Usually it’s mid-June before we’re forced to address the issue of summer heat. Before, that is, we’re forced to issue our annual plea to stay on the trail during the summer months ahead.
In some parts of the U.S. — the Northeast, the Pacific Coast, the mountain states — hikers live for the summer and its warm days. Not here, where Summer is equated with still air, sticky clothes and sweat-stung eyes.read more
I’ve been leading hikes and backpack trips for more than a decade, and it didn’t take long for me to realize that most of my hikers were older than I’d expected. We’d have a few people in their 20s, then a big gap, then a whole lot of people in their 50s. And 60s. And 70s. It eventually dawned on me why: people in their 20s have fewer commitments and more time to play. Same with people who are done raising kids and are reaching retirement age.read more
Back in January I got to thinking about where I haven’t been in too long and thus, where I would love to explore this summer.
I didn’t have to think long: the mountain portion of the statewide Mountains-to-Sea Trail.
Now, I hike the MST nearly every day, since I can pick it up a couple blocks from my front door in Hillsborough. And while I never tire of this stretch, nor of the other 120 miles I hike with some frequency through the Triangle, there’s something about the MST’s nearly 350-mile run through the mountains that’s especially enchanting — and diverse, capturing both the rugged beauty of the Southern Appalachians and its moments of intimate calm. Here’s a look at three favorite sections, all along the Blue Ridge Parkway.read more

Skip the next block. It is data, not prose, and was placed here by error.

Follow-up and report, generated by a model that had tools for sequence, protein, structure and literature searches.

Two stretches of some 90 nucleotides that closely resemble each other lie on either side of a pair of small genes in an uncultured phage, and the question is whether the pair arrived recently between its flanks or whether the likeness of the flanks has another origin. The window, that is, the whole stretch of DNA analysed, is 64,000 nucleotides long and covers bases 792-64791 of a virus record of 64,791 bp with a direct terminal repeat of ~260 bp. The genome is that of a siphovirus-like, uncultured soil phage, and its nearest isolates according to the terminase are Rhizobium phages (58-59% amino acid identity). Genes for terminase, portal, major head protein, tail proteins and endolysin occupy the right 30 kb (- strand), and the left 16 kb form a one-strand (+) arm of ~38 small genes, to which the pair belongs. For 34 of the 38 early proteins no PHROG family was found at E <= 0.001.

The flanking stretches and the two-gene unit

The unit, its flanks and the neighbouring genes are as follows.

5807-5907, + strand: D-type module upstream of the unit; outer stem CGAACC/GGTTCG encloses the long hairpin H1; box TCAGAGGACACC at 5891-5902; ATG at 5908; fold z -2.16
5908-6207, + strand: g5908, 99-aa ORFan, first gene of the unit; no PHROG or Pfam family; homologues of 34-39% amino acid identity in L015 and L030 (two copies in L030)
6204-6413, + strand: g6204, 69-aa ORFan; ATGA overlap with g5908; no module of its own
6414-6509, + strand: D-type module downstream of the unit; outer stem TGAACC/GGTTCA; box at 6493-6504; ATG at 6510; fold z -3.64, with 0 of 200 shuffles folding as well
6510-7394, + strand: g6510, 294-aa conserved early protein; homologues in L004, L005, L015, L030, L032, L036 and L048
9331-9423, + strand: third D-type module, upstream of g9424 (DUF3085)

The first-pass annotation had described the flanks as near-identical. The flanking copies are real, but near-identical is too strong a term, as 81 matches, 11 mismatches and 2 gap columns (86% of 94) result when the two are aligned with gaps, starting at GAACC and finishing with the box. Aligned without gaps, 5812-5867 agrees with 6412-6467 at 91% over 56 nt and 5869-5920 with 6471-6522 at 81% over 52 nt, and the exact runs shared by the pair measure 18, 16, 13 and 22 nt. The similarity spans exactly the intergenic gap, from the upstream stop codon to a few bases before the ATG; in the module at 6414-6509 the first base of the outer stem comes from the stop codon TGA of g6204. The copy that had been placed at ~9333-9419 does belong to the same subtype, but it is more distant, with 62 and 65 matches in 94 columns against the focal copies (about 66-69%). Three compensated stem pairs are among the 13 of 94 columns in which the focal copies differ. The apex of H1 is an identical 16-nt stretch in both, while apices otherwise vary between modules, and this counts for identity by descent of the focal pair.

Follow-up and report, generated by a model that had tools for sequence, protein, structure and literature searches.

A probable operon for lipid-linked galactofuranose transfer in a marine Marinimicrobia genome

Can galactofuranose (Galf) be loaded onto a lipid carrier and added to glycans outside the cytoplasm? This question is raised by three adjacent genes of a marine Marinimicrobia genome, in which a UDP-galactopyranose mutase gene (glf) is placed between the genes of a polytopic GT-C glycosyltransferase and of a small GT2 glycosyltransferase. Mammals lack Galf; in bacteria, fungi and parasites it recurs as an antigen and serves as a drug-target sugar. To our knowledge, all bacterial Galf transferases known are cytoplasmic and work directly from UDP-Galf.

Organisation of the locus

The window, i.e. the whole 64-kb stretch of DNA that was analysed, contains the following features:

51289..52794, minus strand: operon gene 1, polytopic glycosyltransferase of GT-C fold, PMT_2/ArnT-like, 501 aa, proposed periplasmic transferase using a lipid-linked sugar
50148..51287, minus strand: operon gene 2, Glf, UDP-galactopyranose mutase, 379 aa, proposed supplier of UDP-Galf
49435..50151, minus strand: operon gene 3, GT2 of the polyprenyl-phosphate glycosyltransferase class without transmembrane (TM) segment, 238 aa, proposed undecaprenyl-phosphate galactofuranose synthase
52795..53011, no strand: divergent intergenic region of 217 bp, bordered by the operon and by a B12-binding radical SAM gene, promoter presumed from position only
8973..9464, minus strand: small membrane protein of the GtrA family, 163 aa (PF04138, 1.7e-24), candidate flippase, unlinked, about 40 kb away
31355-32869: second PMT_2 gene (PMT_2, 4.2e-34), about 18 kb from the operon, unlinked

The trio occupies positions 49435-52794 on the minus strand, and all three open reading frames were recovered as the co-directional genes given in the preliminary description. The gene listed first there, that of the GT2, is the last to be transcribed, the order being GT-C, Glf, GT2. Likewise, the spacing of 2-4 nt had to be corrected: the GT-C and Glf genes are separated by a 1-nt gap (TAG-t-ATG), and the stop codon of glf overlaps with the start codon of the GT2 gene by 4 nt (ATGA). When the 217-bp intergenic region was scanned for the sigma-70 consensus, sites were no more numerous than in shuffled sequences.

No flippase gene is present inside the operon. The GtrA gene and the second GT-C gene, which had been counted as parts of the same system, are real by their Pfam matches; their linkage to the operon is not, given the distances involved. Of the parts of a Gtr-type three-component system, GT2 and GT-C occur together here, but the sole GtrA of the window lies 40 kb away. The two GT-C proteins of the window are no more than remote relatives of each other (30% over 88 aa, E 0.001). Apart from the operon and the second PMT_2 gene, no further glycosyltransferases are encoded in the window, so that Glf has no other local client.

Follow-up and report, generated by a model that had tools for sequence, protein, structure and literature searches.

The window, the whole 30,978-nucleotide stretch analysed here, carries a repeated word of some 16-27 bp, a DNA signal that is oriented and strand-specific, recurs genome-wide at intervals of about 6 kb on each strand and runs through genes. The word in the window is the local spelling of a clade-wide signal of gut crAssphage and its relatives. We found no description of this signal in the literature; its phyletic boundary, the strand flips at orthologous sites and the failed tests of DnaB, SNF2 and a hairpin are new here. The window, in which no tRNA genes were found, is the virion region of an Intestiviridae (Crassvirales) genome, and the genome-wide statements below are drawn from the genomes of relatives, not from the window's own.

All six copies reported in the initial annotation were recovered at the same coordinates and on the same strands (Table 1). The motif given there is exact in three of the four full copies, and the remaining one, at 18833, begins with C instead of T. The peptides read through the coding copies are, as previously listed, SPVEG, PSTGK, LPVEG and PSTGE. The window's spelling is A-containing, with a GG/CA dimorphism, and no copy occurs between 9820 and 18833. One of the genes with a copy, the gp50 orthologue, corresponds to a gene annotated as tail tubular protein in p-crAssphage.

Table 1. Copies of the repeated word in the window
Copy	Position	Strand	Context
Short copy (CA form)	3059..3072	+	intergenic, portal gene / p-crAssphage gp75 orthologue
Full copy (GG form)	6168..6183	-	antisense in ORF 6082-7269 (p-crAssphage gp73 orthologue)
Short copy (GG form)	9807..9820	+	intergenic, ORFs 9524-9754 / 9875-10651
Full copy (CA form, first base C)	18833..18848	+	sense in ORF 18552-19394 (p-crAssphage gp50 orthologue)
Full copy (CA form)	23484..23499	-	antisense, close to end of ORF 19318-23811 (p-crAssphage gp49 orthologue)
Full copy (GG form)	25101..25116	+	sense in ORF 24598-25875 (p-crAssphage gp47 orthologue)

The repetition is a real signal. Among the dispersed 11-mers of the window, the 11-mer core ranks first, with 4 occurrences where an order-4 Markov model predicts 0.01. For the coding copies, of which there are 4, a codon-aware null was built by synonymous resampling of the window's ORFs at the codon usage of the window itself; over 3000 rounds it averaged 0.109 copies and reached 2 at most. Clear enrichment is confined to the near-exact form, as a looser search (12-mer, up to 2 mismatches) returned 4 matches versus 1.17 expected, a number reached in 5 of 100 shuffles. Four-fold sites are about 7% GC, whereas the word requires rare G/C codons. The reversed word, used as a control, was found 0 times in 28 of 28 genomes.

For much of the winter, the sun set long before we had a chance to enjoy it after getting off work. Now, it stays out later and later, and so do we. Sometimes later than we anticipated.
When we become drunk on sunlight and it leaves the party before we were expecting, it’s good to know a thing or two about navigating in the dark, and near dark. Today, we share some tips based on our experience of leading night hikes for the past 10 years.read more
Spring comes, so come the hikers, the seasonal hikers. The, dare we say it, the “fair weather” hikers?
Sure we dare, because they’re probably the first to admit that unless there’s not a cloud in the sky, unless the temperatures not 66 degrees (plus or minus 4 degrees), and unless there’s some pretty flower blooming or some tree putting on a color show, they’ll be doing things indoors, thank you.read more